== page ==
The number of devices connected to the internet is expected to reach 50 billion worldwide by the end of 2030, posing dangerous risks to people, businesses, and critical systems.
To illustrate the divide between cyberattacks on these devices and business preparedness, Sectigo, a leading provider of automated digital identity management and web security solutions, today released its Evolution of IoT Attacks study.
The study report and associated infographic chronicles the progression, variety, and growing sophistication of many of the most infamous vulnerabilities and attacks on connected devices, as well as the emerging defences used by organisations to fight them.
Sectigo has categorised IoT attacks into three eras:
Beginning in 2005, cybercriminals started to explore the potential to cause lasting damage to critical infrastructure, and even life. Security defences at the time were rudimentary, with organisations unaware of the value the IoT could have for hostile actors.
Spanning 2011-2018, cybercriminals actively exploited the lucrative and damaging potential of attacking the IoT, thus expanding attacks to more targets with increased severity. However, they found organisations more prepared to withstand the onslaught. White hat hackers exposed potential IoT vulnerabilities to help shore up defences before attacks occurred in the wild. Meanwhile, as organisations fortified their defences, cybercriminals found more ways to monetise their attacks through crypto-mining, ad-click fraud, ransomware, and spam email campaigns.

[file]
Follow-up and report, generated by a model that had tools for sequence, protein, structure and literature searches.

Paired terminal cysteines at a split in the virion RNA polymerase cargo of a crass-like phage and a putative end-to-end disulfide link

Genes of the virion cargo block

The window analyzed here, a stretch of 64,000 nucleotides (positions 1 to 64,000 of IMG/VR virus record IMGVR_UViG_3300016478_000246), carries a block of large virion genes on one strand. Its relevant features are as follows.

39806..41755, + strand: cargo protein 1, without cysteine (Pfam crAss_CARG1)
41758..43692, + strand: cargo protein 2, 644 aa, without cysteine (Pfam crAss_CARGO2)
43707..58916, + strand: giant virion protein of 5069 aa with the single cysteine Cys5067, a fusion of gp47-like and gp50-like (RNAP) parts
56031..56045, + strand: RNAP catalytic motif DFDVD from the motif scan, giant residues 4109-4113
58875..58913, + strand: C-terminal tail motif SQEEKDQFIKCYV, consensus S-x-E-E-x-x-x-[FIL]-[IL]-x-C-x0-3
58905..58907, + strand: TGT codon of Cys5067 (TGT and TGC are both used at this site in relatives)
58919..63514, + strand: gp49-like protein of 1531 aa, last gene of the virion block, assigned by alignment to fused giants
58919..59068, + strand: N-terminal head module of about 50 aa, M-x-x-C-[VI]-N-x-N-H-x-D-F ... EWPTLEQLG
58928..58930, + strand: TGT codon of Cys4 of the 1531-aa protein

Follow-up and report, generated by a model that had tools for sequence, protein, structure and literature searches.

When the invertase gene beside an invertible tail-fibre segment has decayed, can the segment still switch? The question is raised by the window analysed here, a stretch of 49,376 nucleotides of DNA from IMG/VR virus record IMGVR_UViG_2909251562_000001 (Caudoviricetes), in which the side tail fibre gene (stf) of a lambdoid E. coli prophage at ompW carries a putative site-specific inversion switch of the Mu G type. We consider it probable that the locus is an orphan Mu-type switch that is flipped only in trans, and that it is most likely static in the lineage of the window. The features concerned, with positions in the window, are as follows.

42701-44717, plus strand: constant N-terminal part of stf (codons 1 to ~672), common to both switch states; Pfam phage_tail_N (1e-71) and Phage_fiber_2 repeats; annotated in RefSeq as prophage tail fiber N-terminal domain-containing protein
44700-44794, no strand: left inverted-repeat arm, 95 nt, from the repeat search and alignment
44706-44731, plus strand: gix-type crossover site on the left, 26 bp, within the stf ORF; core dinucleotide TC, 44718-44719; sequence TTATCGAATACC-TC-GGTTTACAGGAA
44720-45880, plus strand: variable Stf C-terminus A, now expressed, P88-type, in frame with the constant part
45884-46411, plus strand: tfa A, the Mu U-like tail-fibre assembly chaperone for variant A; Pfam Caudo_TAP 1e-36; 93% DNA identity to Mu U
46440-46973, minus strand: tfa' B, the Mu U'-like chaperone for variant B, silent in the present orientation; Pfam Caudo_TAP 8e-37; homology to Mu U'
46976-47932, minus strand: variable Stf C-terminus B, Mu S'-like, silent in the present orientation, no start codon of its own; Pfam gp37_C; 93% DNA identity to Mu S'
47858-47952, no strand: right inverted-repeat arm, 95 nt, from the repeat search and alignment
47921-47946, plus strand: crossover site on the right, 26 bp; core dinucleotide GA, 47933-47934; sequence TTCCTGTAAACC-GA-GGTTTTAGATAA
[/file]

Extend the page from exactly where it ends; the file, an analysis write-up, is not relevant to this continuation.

By 2019, enterprises and other organisations had become increasingly capable of countering these attacks. Just recently, governments have begun enacting regulations to protect IoT assets, and businesses and manufacturers are heeding the warnings. In fact, according to the recent 451 Research Enterprise IoT Budgets and Outlook report (2), organisations are investing more than half of their IoT budgets, 51%, to implement security controls in devices, using security frameworks and unified solutions with strong technologies that work together to provide multiple layers of protection.
“As we move into this decade, protecting the vast Internet of Things has never been more critical for our safety and business continuity,” said Alan Grau, VP of IoT/Embedded Solutions at Sectigo.
“Cybercriminals are retooling and honing their techniques to keep striking at vulnerable targets. Yes, businesses and governments are making laudable efforts to protect all things connected, but we are only at the beginning of the Era of Protection and should assume that these efforts will be met by hackers doubling down on their efforts.”
IoT security must start on the factory floor with manufacturers and continue throughout the device’s lifecycle. Power grids, highways, data security, and more depend on organisations adopting ever- evolving, cutting-edge security technologies in order to withstand attacks.
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